We want our organisation to thrive. We want new members, young members to carry on the mantle to achieve gender equality.
What are we doing to “educate, empower and enable” young women to take up the cause of human rights and gender equality? The words from our Soroptimist Mission to “transform the lives and status of women and girls through education, empowerment and enabling opportunities” applies equally to programme of service participants and membership.
My club participated in a trial to have senior secondary school aged members. I was fortunate that I worked in the local high school and could approach senior girls who had an interest. Five girls were interested. They joined the club in year 1 of the trial. They then went off to university. In the second year of the trial we had 4 secondary school members. This equated to more than 20% increase in membership.
What would our international organisation look like if we had a 20% increase? How much stronger would our voice be if we had greater numbers and the voices of young women?
I thought our student members would want to meet with each other at school of conduct their conversations through social media and run projects of their own. I was wrong. They wanted to be full members of our club, attend club meetings and work with the older members. ( Our members ages ranged from mid 40s to 80: the girls were 16 – 18)
The reason they wanted to join was to belong to a global organisation; one that had General Consultative Status at the United Nations. They wanted to join because they would have full membership and be sisters with 73000 like minded Soroptimists worldwide. They wanted to belong to something a lot bigger than them that was doing incredible work for women and girls. They wanted to belong and to contribute.
It caused me to pause and consider what did they want as opposed to what we thought they would want. When I read about Roger Hart’s Ladder of Participation it made sense to me. I saw that it also applied to our project work – what kind of participation do we share with women who are involved: Are they beneficiaries or partners? What rung of the ladder do we operate on for our project work?
“Nothing about us without us” is our mantra on the world stage. It should apply to all we work with.
Ladder of Participation
Sociologist Roger Hart wrote a book: The Theory And Practice Of Involving Young Citizens In Community Development And Environmental Care for UNICEF in 1997.. The “Ladder of Youth Participation,” is one of many significant tools from the book.
The higher the rung on the ladder the greater the participation.
Rung 8: Young people-initiated, shared decisions with adults . The maximum participation occurs when projects or programs are initiated by young people and decision-making is shared between young people and adults. These projects empower young people while at the same time enabling them to access and learn from the life experience and expertise of adults.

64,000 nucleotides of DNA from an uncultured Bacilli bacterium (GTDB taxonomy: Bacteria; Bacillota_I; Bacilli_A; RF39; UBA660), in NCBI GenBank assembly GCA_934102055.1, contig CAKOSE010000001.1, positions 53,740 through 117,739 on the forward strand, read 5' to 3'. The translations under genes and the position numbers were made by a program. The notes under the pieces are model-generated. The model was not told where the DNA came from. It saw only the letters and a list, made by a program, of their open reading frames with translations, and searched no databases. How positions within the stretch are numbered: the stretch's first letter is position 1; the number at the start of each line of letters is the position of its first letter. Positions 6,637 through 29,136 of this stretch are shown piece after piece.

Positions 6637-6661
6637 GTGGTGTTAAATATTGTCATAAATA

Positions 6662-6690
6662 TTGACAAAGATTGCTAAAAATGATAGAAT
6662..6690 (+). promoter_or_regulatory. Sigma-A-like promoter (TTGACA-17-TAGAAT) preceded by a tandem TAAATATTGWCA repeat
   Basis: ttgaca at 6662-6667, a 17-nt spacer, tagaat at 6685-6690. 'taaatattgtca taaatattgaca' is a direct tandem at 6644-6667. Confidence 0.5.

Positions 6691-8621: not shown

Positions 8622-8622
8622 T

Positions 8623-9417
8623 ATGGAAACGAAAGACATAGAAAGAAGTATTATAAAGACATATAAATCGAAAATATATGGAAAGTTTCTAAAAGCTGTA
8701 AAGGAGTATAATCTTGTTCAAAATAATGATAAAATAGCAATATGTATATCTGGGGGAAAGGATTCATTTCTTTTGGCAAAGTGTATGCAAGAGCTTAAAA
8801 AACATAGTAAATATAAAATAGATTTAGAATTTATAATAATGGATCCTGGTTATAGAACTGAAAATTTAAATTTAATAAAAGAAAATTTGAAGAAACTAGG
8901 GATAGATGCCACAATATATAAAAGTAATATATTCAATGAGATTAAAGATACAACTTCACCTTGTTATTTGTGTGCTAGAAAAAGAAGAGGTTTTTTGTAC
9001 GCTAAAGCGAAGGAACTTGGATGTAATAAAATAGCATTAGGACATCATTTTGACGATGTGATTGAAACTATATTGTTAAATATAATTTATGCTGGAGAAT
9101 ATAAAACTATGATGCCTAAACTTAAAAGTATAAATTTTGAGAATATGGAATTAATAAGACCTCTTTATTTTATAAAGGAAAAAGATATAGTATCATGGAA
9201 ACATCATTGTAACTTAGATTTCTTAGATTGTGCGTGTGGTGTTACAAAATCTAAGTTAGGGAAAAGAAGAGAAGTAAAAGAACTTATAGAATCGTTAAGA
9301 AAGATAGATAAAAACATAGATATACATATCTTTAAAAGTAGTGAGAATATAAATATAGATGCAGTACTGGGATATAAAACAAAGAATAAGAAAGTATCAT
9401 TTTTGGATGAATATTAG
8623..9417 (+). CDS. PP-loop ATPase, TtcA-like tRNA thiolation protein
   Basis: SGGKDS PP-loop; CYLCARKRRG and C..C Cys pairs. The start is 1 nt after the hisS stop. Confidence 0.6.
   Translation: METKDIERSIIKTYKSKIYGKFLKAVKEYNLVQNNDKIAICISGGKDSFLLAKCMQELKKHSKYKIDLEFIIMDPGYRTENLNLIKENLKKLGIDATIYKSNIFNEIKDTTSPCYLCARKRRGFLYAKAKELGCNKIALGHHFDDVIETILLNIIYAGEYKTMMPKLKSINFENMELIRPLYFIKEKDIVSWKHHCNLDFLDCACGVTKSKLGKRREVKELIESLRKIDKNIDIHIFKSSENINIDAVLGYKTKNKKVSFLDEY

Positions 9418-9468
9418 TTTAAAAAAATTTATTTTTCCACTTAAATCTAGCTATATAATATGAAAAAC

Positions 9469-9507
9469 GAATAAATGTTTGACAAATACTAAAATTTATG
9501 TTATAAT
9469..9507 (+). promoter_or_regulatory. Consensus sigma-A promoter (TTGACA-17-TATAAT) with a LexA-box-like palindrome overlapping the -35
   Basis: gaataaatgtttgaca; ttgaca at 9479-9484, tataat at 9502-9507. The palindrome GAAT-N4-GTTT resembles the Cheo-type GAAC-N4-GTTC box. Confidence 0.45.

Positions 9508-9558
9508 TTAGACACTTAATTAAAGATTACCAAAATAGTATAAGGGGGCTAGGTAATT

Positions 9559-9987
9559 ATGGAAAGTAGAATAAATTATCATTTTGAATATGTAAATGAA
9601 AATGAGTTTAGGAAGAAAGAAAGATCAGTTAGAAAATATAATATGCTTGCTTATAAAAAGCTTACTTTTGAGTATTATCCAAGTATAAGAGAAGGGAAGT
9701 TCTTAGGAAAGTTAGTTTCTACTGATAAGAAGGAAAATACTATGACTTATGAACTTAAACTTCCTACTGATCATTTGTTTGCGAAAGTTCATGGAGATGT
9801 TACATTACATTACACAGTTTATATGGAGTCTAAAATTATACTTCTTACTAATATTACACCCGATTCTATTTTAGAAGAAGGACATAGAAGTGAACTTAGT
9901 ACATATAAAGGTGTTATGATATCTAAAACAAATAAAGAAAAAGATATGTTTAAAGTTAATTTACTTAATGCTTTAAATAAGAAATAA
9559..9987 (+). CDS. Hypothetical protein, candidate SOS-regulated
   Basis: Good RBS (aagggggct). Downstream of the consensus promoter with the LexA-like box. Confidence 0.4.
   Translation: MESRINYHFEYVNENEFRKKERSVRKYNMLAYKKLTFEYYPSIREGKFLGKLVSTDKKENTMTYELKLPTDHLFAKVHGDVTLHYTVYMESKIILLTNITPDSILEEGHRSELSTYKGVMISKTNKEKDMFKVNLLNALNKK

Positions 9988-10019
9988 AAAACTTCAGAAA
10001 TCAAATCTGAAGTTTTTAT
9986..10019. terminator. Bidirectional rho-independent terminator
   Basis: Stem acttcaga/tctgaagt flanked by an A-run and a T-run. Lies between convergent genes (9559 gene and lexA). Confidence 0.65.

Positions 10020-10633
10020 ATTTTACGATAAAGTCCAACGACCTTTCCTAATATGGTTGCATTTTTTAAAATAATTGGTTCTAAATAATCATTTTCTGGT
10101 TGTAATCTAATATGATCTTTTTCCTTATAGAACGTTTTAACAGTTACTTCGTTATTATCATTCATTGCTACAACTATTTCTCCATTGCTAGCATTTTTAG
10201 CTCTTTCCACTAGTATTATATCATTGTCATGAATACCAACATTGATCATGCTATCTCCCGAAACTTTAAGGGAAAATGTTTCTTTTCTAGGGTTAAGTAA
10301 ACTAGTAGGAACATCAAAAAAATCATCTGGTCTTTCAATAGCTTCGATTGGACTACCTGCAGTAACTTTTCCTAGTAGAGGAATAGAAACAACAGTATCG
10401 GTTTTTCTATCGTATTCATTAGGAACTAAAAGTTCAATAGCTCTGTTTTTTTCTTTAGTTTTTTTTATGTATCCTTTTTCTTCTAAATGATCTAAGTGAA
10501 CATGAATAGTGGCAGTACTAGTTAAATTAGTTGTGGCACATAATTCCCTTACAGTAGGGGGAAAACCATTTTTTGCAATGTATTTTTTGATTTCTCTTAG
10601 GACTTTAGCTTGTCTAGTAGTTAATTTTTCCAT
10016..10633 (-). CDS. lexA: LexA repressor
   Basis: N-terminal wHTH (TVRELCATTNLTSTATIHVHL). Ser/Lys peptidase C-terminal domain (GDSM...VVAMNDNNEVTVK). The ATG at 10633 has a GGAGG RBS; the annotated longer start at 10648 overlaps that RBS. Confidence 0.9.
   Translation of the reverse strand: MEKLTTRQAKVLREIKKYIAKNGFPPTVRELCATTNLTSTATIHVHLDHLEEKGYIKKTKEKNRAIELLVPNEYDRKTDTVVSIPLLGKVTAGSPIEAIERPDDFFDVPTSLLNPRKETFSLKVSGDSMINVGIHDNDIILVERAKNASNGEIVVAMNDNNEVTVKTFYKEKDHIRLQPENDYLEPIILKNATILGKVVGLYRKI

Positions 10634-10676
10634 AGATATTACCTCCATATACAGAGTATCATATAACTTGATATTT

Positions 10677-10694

Rung 7: Young people-initiated and directed. This step is when young people initiate and direct a project or program. Adults are involved only in a supportive role.
Rung 6: Adult-initiated, shared decisions with young people. Occurs when projects or programs are initiated by adults but the decision-making is shared with the young people.
Rung 5: Consulted and informed. This happens when young people give advice on projects or programs designed and run by adults. The young people are informed about how their input will be used and the outcomes of the decisions made by adults.
Rung 4: Assigned but informed. This is where young people are assigned a specific role and informed about how and why they are being involved.
Rung 3: Tokenism. When young people appear to be given a voice, but in fact have little or no choice about what they do or how they participate.
Rung 2: Decoration. This happens when young people are used to help or “bolster” a cause in a relatively indirect way, although adults do not pretend that the cause is inspired by young people.
Rung 1: Manipulation. This happens where adults use young people to support causes and pretend that the causes are inspired by young people.
Which rung are we working on – and what do we do to move up the ladder?
4 thoughts on “How to get young people involved – have Hart.”
This is brilliant, Yvonne. And the ladder concept is so obvious really, isn’t it? Love how the author portrayed this. Thanks xox
this is one of your most inspiring blogs forme. I’m going to translate it into french and send it to our national board.
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Thank you Yvonne – as always thought provoking and enlightening. I’m planning on collecting them all together and circulating them to club members.
Thank you! It’s great news that we have a role to work with young people and that we do it best when they lead.